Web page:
In the past few years, podcasts have become a widely popular medium, with listenership growing each year. With podcasts always available for download to your smartphone, tablet or desktop computer, it’s easy to see why many have caught on to the audio-only platform.
For those of you who are sifting through the countless podcasts available, why not start with one that is produced by a ’Hoo? Members of the University of Virginia community have taken to the new platform to share their expertise with listeners, helping expand learning beyond Grounds.
Last month, we highlighted seven podcasts made on Grounds – just a sample of those created by alumni, faculty, staff and students.
Whether expanding on the newest scienctific discoveries, current events and trends or introducing the students who currently attend the University, these podcasts offer an entertaining way to learn more about the world around us.
So if you’re looking to fill the idle moments during your daily commute, liven up your gym workout or just hang out around the house, take a listen to a few more podcasts being created by ‘Hoos on and off Grounds.
Circle of Willis
When Jim Coan, associate professor of clinical psychology and director of the Virginia Affective Neuroscience Laboratory, first heard the phrase, “Circle of Willis,” which refers to the connection of the arteries supplying blood to the brain and surrounding structures, he thought it would make a great band name – or better yet, a podcast.
With support from the Virginia Quarterly Review, the Center for Media and Citizenship and UVA media studies professor Siva Vaidhyanathan, Coan’s podcast, “Circle of Willis,” showcases one-on-one conversations with scientists about their work.
Coan’s approach makes the subject material accessible to the public. “I've focused on getting my guests to talk not only about their work, but also about their lives,” he said. “I want them to tell the stories of their careers and in the process, give everyone else – from their peers to the general public – a chance to get to know them as relatable human beings rather than superficial stereotypes.”
As an assistant professor in presidential studies at the Miller Center, Nicole Hemmer knows a thing or two about history. Hemmer and her co-hosts, independent scholar Neil Young (no, not that Neil Young) and Natalia Mehlman Petrzela, an associate professor of history at the New School, bring their historical expertise to examine three topics each week at “Past Present.”
Hemmer and her co-hosts understand many people may feel they are living in what “feels like a precedent-breaking era.” To remedy that, “Past Present” uses history to help listeners understand breaking news and to analyze how much the world has changed or stayed the same.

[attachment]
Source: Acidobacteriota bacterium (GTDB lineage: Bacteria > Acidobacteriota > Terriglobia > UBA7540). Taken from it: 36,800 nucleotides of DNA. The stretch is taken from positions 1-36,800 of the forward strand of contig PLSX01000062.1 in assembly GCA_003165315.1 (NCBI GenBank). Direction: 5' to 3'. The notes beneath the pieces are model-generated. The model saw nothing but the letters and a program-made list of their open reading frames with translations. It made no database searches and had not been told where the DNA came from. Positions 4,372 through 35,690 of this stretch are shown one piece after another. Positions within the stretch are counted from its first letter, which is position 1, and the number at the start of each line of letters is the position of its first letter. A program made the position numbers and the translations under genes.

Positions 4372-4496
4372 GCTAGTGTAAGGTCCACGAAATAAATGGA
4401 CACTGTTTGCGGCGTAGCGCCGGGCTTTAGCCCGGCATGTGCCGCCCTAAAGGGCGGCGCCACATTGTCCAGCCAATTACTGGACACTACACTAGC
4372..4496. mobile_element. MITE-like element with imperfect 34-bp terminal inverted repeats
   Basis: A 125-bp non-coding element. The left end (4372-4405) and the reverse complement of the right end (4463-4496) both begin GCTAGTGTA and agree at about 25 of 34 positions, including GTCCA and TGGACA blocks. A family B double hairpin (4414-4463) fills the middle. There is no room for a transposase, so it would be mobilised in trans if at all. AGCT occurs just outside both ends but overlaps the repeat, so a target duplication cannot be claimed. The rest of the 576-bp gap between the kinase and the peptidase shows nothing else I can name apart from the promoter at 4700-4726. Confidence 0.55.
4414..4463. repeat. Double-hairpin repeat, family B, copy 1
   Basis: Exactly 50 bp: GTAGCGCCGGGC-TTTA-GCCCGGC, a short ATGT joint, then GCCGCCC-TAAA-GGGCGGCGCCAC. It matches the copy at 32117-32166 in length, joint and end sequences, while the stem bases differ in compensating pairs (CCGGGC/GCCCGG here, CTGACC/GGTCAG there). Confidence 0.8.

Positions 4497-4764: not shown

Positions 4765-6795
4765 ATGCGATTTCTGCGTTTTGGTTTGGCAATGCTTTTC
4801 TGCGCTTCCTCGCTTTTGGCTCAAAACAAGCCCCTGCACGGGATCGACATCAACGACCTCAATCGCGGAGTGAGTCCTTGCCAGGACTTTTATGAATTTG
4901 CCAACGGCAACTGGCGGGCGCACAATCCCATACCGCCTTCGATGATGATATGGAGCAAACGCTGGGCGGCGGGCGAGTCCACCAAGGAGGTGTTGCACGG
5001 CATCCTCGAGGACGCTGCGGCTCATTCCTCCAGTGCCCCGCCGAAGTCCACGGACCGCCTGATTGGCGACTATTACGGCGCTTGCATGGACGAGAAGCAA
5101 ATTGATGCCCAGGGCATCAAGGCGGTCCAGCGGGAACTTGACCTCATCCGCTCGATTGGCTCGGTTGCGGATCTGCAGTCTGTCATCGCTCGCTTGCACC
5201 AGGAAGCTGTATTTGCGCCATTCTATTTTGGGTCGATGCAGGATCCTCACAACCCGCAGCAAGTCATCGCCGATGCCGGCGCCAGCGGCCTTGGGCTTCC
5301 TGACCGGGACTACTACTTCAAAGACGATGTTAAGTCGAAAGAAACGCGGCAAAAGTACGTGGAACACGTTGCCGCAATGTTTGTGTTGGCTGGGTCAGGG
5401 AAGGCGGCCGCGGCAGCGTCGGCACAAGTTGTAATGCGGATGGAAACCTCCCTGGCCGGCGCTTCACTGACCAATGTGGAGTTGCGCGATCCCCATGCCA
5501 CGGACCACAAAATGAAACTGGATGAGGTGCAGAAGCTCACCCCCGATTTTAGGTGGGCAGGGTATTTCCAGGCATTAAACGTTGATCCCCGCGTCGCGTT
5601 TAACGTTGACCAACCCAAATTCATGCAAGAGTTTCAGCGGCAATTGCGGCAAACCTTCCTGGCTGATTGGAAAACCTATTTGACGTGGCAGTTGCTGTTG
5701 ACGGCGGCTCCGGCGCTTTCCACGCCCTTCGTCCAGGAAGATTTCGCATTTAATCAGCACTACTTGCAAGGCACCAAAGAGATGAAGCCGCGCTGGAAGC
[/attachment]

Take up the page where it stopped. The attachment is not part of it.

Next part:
Ultimately as a historian, Hemmer wants her listeners to “walk away understanding that everything has a history, and that that history is fundamental to understanding who we are and how we got here.”
Hoos on First
As a part of the Cavalier Daily’s shift toward digital-first content, “Hoos on First” host and fourth-year student Emily Caron pitched the idea of a podcast to function as an extension of the student newspaper’s sports coverage.
Caron, who had previously worked with ESPN’s popular show, “Outside the Lines,” possesses in-depth knowledge of Cavalier sports and brings that energy to the podcast.
“Covering the Cavaliers is always exciting because all of our programs are truly rooted in excellence,” she said.
Caron finds that the Cavaliers are “really special to be able to cover because you know they mean so much to the school and the students here.”
“Hoos on First” is available to stream on SoundCloud. Episodes on average range from 30 minutes to an hour.
The Katie Couric podcast
Since graduating from UVA in 1979, Katie Couric has become one of the best-known journalists in America – and recently had her newest documentary series, “America Inside Out with Katie Couric,” screened on Grounds.
Couric and co-host Brian Goldsmith created a podcast in 2016 to have one-on-one conversations with prominent figures in politics, news and popular culture.
One of the goals of the “Katie Couric” podcast is to have more inclusive and candid discussions, because – as she mentions in the first episode of her podcast – Couric finds that nowadays, “We are not talking to each other anymore, we are talking at each other.”
As an initiative of UVA’s Student Activities office, “YourUVA” showcases one student’s experiences on Grounds each episode. Producer and fourth-year student Lona Manik wants the podcast to be a platform for students to learn more about what UVA has to offer and to discover their own community on Grounds.
“Finding a community here has the potential to deeply shape the trajectory of your experience at UVA,” she said.
Each student interviewed for “YourUVA” gives the listener a personal look at how UVA communities have shaped his or her experience on Grounds.
Success Through Failure with Jim Harshaw Jr.
Jim Harshaw Jr. flexes the skills he developed working as an assistant wrestling coach with the Cavaliers on his podcast, “Success through Failure with Jim Harshaw Jr.”
In more than 140 episodes, Harshaw – who graduated from the University in 1999 – features a variety of interviews with prominent authors, athletes and even astronauts. They discuss how they have turned failures and challenges in their life into success. Many will notice a few familiar ‘Hoos as guests on his podcast, including Cavalier head wrestling coach Steve Garland.